47. Income inequality has rendered a demand-oriented economy more difficult. But there's this apparatus to sell things to people that needs to justify its existence when all they really need to do is make sure to vote for the right clown for president & approve of the wars we fight for our foreign allies.

  48. People have money.
    Companies are valued by potential selling power.
    Facebook sells a lot, and so does Google.
    This video is stupid.

  49. Who is this phony economist? Facebook had a revenue of $8 billion in last quarter and a profit of $3 billion. The phony economy is people like this guy who make money by saying made up things.

  50. Its about time that facebook becomes orkut. Sooner or later, a new kid on the block will appear and wipe the slate clean – then – a new era will begin and same shit will happen all over again!

  51. I'd argue that money is just data at this point. With 20Trillion in debt at a fed level and 18 Trillion or so in consumer debt (plus interest, crumbling public infrastructure), most created in the last 100 years, the data is clear how well this system works. Yet we are still caught up in the illusion that it does and can't quite figure out that it's not the answer.

    Modern Money is the titanic 2.0 post the iceburg 'bump' (when we started insane fractional lending and then unethered it from gold) , still looks impressively great, lots of great parties on the top deck,

    but still fatal flaws that will not keep it from sinking And now labor (mind/body tasks) has been shifting from human to tech to hybrid tech/human and only super skilled or unskilled (to hard/unaffordable for tech to do) which is eroding both sides so soon there will be very little humans HAVE to do in regards to the basics of food/water/shelter/transportation if we choose it.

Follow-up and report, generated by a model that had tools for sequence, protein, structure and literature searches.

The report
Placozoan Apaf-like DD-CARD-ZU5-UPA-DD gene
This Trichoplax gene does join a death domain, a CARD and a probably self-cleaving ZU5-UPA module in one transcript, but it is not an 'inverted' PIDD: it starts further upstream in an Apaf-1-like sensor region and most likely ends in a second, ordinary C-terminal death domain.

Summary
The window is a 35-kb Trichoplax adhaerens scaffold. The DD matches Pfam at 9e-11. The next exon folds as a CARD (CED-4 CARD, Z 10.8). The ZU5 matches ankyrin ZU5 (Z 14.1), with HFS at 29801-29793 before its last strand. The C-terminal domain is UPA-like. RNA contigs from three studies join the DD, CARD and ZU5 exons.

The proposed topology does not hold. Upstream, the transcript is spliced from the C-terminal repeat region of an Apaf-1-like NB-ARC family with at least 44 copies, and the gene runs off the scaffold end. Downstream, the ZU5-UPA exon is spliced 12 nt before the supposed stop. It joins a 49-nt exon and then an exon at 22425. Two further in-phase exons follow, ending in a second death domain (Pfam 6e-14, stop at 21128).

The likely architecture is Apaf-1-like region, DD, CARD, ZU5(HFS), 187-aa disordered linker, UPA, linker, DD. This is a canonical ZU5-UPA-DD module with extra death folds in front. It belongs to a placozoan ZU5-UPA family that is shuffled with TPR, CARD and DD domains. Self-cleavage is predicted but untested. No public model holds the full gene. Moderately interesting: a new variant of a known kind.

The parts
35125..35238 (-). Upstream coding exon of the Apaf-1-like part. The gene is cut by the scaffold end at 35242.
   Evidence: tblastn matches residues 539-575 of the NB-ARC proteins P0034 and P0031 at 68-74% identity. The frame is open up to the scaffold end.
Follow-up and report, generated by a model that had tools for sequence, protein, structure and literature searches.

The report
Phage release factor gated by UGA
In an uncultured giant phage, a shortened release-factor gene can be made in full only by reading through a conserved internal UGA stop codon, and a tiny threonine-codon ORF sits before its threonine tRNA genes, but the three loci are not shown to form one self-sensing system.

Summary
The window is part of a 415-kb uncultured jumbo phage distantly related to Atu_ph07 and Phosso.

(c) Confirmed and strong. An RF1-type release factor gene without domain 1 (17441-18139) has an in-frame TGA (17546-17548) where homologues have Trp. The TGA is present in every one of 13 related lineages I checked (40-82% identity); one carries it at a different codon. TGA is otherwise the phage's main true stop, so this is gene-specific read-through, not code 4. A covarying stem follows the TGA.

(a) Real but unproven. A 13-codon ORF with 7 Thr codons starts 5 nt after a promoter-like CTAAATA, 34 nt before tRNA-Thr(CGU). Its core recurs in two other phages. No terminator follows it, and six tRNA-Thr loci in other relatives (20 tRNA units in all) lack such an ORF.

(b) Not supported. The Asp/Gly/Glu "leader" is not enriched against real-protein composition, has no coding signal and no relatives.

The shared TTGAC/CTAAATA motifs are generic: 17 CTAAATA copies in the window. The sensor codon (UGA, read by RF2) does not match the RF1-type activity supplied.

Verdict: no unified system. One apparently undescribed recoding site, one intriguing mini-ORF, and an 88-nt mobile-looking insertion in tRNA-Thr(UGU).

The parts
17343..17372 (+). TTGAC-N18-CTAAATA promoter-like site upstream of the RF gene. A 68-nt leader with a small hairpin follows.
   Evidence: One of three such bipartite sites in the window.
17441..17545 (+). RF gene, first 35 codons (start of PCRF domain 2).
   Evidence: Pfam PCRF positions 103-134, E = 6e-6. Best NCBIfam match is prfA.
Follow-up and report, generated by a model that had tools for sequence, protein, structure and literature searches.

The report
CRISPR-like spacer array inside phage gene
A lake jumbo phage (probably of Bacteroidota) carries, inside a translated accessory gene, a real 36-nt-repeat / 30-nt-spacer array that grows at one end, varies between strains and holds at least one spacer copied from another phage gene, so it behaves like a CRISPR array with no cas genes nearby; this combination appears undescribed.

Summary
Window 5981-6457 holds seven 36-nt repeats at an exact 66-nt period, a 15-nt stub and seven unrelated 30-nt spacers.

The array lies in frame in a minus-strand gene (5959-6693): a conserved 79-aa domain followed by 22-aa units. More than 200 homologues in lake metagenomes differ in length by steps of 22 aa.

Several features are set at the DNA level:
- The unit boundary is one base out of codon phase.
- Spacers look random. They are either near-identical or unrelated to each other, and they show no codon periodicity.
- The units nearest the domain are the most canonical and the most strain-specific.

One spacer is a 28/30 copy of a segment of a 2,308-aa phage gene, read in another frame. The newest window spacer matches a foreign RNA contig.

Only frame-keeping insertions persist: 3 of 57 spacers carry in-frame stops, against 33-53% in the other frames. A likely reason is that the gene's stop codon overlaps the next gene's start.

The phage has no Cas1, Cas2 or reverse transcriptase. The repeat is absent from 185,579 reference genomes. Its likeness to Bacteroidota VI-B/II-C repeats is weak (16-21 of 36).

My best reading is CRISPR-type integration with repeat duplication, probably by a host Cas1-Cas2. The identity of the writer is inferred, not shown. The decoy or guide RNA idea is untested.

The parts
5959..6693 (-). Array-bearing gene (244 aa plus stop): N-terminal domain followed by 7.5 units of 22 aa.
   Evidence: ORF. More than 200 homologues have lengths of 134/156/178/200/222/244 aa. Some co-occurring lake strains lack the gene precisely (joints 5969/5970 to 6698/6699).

52. Not being negative but doesn't matter, labor it's being replaced by automatization in an exponential way in production and services. Capitalism cycles are like breathing, expansion, and contraction, each expansion is new technology, new laws, new social adjustment, better living, and health, we are living the contraction destruction, each expansion is more big government and more social, it starts with free and obligatory elementary education, in this expansion will be seeing free college and higher education financed by taxes, government institution about ecology and sustainability and universal basic income. Its change or die. The wealth it's about social if social collapse wealth loses its value.

  53. Every time I hear this guy talk, I'm impressed. Finally an economist that values ACTUAL value creation. Think I'm in love.

  54. It would be nice if VC's gave funds to honest startups that actually need it instead of wasting it on ones that don't. That would create real wealth and lift everyone up. In my industry, pharma, billions of dollars are lit on fire because of con artists that have "the appearance of value" rather than the companies with the actual good ideas that would create value.